You May Be Sitting Wrong

Back pain is often brought on by movement, but sitting can also contribute to back discomfort. Even though we sit more than ever these days with office work and computers, the problem is not so much how often you sit but the way in which you sit.

How difficult can sitting be? You just put your backside in a chair. It turns out that there is more to sitting, and the manner in which you sit can drastically affect your spine.

Modern Sitting

The United States’ National Public Radio recently published an article examining how people in pre-industrial cultures sit. The reporter noted that these individuals tend to sit straight, rather than with their spines curved in a C-shape, and suffer fewer cases of back pain than in the Western world. On the other hand, people in industrialised societies – like Canada and the US – often jut out their mid-back when they sit. In other words, they tuck in their pelvis and their neck.

The Problem

This modern way of sitting is usually the result of long hours spent in front of a screen – computer, television, or otherwise. Unfortunately, this posture can create multiple problems in the neck, upper, mid, and low back. When you sit in this manner, you create pressure on one side of your intervertebral discs.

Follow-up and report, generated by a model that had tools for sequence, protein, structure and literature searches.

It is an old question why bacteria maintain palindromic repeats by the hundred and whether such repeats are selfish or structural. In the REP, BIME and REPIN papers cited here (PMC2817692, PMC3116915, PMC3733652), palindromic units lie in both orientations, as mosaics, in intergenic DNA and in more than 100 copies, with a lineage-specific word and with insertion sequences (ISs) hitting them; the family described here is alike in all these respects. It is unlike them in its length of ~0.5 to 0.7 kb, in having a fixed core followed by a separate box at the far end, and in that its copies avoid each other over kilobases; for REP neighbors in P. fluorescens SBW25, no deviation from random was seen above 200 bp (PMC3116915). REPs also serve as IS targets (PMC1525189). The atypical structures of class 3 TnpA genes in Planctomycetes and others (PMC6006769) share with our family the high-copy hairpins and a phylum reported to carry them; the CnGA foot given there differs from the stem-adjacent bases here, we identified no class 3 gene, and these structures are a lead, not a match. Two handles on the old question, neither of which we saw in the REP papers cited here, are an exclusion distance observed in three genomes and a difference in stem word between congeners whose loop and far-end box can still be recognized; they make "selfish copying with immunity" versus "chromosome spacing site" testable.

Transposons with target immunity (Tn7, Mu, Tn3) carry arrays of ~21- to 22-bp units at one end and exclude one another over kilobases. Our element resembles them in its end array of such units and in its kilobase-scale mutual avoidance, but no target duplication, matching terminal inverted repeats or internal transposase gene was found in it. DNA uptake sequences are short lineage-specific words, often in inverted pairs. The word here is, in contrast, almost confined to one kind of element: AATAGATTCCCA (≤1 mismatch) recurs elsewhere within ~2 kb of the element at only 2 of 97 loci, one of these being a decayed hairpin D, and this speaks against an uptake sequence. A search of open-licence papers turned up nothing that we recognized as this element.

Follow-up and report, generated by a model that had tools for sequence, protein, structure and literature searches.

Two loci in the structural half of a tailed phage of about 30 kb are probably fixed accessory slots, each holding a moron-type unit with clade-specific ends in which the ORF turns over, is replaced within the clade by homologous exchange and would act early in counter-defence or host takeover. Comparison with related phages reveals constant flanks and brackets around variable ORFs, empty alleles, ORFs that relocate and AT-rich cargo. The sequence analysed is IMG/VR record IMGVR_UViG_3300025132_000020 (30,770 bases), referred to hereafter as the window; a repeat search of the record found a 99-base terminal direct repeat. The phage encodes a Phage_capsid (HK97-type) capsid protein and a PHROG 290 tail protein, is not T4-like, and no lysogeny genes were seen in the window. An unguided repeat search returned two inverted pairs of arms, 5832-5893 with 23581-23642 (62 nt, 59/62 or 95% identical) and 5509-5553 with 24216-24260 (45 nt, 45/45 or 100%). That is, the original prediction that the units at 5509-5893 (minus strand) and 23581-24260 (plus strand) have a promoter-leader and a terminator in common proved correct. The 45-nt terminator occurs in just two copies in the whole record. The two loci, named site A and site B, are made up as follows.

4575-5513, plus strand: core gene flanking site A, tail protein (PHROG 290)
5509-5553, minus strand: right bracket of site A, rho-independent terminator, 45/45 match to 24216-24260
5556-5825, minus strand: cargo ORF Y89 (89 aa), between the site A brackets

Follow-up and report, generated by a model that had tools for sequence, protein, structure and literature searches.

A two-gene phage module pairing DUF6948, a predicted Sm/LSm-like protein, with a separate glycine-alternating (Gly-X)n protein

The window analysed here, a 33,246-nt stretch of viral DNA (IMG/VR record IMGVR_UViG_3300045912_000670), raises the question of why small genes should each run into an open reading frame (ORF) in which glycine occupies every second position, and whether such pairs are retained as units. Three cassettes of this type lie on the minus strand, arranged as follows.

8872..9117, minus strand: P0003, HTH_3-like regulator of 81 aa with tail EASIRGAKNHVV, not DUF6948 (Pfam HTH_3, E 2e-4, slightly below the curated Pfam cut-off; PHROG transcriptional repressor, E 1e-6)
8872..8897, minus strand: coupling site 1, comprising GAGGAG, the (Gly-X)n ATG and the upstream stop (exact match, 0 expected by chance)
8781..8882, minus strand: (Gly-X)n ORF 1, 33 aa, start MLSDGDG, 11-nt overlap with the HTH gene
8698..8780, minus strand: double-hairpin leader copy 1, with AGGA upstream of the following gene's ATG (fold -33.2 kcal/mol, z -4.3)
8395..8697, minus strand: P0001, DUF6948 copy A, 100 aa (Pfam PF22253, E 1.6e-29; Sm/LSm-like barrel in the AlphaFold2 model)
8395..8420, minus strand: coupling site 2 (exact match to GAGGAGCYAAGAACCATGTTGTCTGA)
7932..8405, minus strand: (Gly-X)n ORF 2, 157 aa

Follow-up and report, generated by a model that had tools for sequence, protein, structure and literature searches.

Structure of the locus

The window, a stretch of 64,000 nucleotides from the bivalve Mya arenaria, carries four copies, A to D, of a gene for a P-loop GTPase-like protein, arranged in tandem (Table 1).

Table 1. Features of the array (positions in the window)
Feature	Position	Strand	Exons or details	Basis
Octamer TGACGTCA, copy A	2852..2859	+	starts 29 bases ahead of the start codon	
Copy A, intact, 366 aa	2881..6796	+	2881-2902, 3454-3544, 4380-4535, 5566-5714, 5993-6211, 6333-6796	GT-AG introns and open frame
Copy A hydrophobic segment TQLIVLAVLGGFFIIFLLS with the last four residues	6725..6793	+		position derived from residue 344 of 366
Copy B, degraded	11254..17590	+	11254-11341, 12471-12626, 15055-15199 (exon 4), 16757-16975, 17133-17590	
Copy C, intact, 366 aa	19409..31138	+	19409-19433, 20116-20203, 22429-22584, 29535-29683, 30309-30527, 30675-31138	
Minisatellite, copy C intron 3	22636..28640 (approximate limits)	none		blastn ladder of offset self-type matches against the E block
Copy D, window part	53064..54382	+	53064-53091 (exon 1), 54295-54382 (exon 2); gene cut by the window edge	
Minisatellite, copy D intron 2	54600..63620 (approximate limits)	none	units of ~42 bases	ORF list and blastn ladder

The NPR article likened these discs to jelly doughnuts. This is an accurate analogy, as your intervertebral discs are filled with soft material. And just like a jelly doughnut, pressure on one edge of these discs will cause that material to bulge out. The result is disc herniation, pain, and loss of mobility.

What Can You Do?

Try to sit up straight consciously, but with this important caveat – avoid jutting out your chest. It is instinctive to raise your chest when attempting a straight posture, but this can cause more harm than good. Instead, pay attention to your pelvis and be certain that it is positioned in a straight line beneath your head and not tilted inward.

Also, always remember to take breaks from sitting. You should not stay seated for more than 45 minutes continuously without a five to ten walking/stretching break. Maintaining any position for too long is unhealthy and puts stress on your body.

Are you having trouble with your sitting posture? Ask your chiropractor for help. Chiropractors are experts in both body mechanics and posture, and your chiropractor can explain and demonstrate proper sitting posture to help you avoid back pain and other difficulties.